Fortunately for buyers, there are a variety of mortgages to choose from. It is in your best interest to investigate each of them to determine which is the best for your situation. You probably won't qualify for all of them. In fact, you may only qualify for one. But if you do qualify for more than one, you may save yourself money (or worry) in the long run if you do your homework before signing on the dotted line.
Fixed Rate Mortgages
Consider a fixed rate mortgage if either of the following describes you:
Since most home loans are for a period of 30 years, if you want a payment you can count on for that long of a period of time, a fixed rate mortgage may be what works best for you. Once your loan amount and interest rate are calculated and locked in, a fixed rate mortgage will guarantee that you will have the same payment over the life of the loan. Making extra payments to principal will allow you to pay your loan off sooner.
This may not always be the best choice, however. If interest rates are very high at the time you take out your loan, with a fixed rate mortgage you'll be stuck with that high interest for the life of the loan (unless you choose to refinance). Conversely, if interest rates are very low, you'll come out the winner with interest rates that will stay low no matter how high interest rates go in the future.
The following are descriptions of the varying lengths and terms of fixed rate mortgages:
Monthly payments are lower than for 15-year and 20-year loans. (Especially helpful if you don't have a lot of "padding" between the amount you can afford to spend & the monthly payment for your desired property). More desirable if you plan on staying in the same home for years, since equity builds more slowly than for shorter term loans. For income tax purposes, this term provides the maximum interest deduction.
Adjustable-Rate Mortgages (ARMs)
If you are more comfortable in taking a risk with your money, or if interest rates are very high at the time you take out your loan, an adjustable-rate mortgage (ARM) may be the type for you. You might also choose this type of loan if your planned ownership of the property is short-term or if you expect your income will increase to cover any potential rise in the interest rate.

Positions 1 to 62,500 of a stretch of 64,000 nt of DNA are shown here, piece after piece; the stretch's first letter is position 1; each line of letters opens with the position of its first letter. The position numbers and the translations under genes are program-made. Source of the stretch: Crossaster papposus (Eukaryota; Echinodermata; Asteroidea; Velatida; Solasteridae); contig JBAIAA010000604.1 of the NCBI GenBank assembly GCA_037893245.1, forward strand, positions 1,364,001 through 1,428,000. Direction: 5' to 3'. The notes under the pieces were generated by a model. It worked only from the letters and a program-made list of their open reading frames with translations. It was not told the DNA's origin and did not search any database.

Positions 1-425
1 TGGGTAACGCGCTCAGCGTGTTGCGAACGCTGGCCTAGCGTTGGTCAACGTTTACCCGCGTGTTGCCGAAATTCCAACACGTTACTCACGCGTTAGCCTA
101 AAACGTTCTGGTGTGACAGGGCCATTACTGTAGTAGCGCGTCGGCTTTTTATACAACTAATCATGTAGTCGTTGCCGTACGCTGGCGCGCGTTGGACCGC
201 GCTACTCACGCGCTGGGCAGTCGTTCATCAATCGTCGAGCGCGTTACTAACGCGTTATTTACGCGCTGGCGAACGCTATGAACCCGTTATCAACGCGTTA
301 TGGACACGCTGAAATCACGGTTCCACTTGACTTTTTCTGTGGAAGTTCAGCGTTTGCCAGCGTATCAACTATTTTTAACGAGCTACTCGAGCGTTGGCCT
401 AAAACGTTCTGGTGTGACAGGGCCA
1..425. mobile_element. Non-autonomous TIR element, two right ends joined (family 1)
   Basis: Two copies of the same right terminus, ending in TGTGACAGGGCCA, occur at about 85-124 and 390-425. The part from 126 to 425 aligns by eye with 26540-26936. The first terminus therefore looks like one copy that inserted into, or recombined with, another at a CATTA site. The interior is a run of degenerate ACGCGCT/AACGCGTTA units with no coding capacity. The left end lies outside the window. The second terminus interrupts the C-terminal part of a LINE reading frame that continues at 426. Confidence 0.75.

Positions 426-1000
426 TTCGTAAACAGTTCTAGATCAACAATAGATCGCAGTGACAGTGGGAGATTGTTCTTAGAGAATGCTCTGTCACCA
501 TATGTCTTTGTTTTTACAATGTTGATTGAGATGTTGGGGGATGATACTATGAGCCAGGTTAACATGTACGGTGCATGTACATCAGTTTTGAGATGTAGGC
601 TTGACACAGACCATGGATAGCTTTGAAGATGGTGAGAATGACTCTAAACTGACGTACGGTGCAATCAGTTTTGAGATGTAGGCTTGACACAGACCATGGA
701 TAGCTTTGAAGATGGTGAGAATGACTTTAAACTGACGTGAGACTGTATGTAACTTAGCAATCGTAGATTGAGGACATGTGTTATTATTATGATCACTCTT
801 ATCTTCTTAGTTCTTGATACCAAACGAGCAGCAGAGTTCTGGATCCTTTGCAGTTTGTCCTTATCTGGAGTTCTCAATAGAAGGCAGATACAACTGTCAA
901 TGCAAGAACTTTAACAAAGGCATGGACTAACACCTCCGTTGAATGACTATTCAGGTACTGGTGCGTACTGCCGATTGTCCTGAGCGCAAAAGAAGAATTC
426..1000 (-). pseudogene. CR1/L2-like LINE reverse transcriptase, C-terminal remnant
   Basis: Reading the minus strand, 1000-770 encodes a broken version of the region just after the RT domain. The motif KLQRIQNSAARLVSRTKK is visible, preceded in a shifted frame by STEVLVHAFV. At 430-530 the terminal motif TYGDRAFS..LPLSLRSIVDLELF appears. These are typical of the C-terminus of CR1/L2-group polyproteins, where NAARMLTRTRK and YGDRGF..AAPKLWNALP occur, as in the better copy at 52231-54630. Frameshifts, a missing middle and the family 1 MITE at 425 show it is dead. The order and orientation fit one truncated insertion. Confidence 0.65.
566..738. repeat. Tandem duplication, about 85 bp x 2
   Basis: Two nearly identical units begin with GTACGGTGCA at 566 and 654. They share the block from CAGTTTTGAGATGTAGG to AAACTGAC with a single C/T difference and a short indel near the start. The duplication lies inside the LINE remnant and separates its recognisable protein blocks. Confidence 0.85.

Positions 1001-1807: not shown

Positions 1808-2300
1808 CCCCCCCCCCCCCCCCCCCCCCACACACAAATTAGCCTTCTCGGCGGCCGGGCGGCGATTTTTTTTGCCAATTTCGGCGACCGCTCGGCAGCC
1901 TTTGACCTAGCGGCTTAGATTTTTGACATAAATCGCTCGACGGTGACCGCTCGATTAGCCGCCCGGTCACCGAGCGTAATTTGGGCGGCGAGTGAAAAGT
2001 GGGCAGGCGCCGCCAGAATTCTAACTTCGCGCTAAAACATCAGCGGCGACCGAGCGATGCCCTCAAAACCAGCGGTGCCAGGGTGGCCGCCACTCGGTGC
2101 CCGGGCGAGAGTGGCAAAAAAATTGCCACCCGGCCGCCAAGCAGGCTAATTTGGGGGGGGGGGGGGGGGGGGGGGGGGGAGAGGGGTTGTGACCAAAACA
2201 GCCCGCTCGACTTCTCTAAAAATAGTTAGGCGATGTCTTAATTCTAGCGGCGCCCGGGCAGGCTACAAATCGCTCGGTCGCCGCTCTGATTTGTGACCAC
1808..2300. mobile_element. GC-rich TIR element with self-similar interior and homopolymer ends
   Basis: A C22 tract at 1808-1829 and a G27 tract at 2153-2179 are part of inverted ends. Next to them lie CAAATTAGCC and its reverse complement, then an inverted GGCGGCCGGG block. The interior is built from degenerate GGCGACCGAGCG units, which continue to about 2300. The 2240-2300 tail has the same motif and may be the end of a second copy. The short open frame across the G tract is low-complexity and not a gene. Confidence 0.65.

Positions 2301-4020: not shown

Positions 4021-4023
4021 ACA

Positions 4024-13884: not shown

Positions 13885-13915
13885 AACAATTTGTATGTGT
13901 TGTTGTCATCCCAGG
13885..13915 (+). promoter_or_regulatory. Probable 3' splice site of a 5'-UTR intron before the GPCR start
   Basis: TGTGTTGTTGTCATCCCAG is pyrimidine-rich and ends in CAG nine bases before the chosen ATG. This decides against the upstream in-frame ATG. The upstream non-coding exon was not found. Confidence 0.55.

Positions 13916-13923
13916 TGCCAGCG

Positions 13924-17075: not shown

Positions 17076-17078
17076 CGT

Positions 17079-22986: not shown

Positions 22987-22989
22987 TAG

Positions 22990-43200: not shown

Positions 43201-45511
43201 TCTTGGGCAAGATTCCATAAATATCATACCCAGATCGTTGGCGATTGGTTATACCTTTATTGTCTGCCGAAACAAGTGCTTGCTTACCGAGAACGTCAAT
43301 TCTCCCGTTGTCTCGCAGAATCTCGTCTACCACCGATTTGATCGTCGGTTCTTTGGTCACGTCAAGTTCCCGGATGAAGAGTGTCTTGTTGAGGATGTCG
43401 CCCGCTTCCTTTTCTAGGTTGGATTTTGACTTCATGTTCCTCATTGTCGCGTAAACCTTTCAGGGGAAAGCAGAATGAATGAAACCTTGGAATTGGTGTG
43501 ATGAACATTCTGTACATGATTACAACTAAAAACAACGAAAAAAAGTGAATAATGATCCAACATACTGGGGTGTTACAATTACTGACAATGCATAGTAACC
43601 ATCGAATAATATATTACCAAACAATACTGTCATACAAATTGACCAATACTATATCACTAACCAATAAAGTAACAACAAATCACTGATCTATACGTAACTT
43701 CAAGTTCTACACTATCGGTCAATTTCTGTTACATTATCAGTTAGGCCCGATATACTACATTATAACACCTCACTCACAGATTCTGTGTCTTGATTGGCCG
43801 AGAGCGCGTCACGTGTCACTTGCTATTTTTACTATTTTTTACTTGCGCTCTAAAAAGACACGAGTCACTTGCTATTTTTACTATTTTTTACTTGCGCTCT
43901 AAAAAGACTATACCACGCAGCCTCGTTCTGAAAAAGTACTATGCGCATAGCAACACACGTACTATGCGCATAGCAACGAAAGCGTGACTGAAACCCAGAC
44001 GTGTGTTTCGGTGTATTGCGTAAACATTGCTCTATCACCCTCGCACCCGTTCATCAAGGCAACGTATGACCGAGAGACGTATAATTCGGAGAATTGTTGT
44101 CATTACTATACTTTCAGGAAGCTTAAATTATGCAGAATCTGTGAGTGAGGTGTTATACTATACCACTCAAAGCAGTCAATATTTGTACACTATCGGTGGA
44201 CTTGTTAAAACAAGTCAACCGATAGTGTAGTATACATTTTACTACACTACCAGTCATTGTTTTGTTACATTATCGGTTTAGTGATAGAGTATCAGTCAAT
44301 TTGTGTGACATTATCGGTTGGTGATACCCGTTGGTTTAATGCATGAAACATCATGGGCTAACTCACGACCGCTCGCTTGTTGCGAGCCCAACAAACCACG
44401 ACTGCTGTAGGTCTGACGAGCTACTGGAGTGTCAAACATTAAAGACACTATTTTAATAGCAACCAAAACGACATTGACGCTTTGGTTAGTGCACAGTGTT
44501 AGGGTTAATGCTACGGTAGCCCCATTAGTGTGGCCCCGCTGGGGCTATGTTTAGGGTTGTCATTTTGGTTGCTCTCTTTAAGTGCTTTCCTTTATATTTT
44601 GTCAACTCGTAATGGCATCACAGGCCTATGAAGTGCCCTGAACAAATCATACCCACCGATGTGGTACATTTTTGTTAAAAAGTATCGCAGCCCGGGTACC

Generally, the interest rate when you take out your loan will be lower than a fixed-rate mortgage. Please note that this is true initially, not necessarily long-term. Since an ARM rate rises and falls depending on the prevailing interest rate, your mortgage payment will rise and fall accordingly. If your income isn't sufficient to cover the highest possible payments, then this option isn't for you. On the positive side, the lower initial payments will allow you to qualify for a larger loan than if you chose a fixed-rate type. The downside is that your payments will increase if/when the rates go up.
Typically, ARM interest rates are tied to a specific financial index (such as Certificate of Deposit index, Treasury or T-Bill rate, Cost of Funds-Indexed Arms or COFi, or LIBOR [London Interbank Offered Rate]) and your payment will be based on the index your lender uses plus a margin (generally two to three points). Get the formula used by your lender in writing and make sure you understand what it means.
Fortunately, the amount an ARM can rise is not unlimited. There are "caps" on how much your lender can increase your rate, both for a period of one year and for the life of the loan. Plan ahead, and have your lender calculate what the maximum payment would be if your rate went to the highest amount allowed by the cap for your particular mortgage. If you're not confident you'll be able to pay that amount on a monthly basis, perhaps you should reconsider this type of loan.
If neither the fixed-rate nor the adjustable-rate mortgage seems the best option, perhaps the convertible ARM will be right for you. This alternative combines the initial advantage of an ARM with a fixed rate after a predetermined number of years. Obviously, this type of mortgage has more advantages when the initial interest rate is low and the future rate is not guaranteed.
Government VA & FHA Loans
Another mortgage option for some people is a government loan, providing that you meet the qualifications for these loans.